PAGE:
Some months back I received email from Amazon announcing the beta launch of their queue service. I’ve just checked, and it’s still in beta.

The idea is that you can create a queue on Amazon servers and then place messages in the queue and consume messages from the queue. Messaging has been around for quite a while, so what’s interesting here? Well, what we have is a company that has invested in an impressive (I assume!) network and hardware infrastructure for the sale of books, and on the back of this they are offering a software service – and now I get to piggy back on the level of service offered by their investment.

So let’s say I, as a company, want to build some new service. Pretend I’m going to accept photographs from customers and turn them into something… print them or put a humorous frame around them…. whatever. I don’t have to go out and spend money on a hardware platform to build this on. I can use Amazon’s reliability and scalability to accept customer orders (messages going into the queue), and use whatever infrastructure I have to consume orders from the queue as and when I’m able to. I can offer 24x7, 99.999% uptime for customers without the level of investment that this usually implies. That’s interesting.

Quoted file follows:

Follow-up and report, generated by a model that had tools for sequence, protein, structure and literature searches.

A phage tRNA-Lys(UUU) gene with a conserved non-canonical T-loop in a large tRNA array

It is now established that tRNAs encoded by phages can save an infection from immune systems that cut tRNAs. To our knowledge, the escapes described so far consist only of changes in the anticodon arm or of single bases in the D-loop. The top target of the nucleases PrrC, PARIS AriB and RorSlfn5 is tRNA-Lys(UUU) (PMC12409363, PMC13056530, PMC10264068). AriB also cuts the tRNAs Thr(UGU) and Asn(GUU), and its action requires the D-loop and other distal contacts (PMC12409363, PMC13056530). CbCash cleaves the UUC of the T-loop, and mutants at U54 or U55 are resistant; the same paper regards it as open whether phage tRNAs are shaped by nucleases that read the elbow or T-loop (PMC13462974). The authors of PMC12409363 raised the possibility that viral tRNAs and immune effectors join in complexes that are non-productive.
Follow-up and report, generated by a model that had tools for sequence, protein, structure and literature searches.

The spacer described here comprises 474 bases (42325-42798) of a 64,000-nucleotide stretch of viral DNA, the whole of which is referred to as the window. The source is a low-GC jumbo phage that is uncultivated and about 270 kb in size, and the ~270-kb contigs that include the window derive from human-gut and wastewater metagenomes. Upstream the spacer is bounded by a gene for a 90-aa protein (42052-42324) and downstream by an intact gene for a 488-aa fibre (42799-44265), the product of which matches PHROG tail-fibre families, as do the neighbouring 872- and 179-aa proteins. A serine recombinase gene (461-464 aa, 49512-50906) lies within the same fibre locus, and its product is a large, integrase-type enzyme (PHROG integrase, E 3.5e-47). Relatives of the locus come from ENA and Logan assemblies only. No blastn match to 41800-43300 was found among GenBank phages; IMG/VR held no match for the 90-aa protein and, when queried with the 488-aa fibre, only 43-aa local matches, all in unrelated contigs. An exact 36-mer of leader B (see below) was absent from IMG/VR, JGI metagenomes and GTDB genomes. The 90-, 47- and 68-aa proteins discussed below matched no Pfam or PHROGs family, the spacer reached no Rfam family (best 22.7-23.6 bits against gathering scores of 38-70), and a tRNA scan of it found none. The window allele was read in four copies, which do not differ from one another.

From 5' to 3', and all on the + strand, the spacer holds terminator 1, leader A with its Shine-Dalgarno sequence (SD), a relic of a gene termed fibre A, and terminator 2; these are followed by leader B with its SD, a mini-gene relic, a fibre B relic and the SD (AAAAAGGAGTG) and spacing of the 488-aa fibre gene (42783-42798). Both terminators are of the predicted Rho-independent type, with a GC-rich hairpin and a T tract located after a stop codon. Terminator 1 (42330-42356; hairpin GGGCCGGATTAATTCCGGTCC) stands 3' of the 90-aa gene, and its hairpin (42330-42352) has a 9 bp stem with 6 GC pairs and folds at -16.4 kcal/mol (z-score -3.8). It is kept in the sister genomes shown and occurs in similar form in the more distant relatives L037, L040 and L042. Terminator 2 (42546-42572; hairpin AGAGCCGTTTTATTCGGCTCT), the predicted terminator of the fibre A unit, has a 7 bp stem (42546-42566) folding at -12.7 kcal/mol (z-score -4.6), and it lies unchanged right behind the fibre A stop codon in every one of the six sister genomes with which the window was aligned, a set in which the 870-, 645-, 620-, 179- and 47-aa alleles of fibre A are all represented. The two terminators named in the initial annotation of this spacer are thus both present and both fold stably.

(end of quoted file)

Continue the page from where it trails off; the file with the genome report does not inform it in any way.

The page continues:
As I said, it’s in beta at the moment, so it’s free. It’s REST and SOAP based, it’ll store up to 4,000 4k messages for 30 days, and there’s a critique over at XML.com. I can’t find any published SLAs or pricing, but presumably they will follow.

Amazon are not the only company with a hardware infrastructure to use in new ways. The obvious other examples are Yahoo! and Google. It’ll be a good sign if any other players decide to offer up these kinds of services.

Update 14 July 2006: Amazon SQS has now gone into production, with a cost of “10 cents for a 1000 messages, and 20 cents per Gigabyte of data transferred”. No up-front costs, minimum usage or subscription fees. This is astonishingly good, and one of the smartest offerings I’ve seen from any company.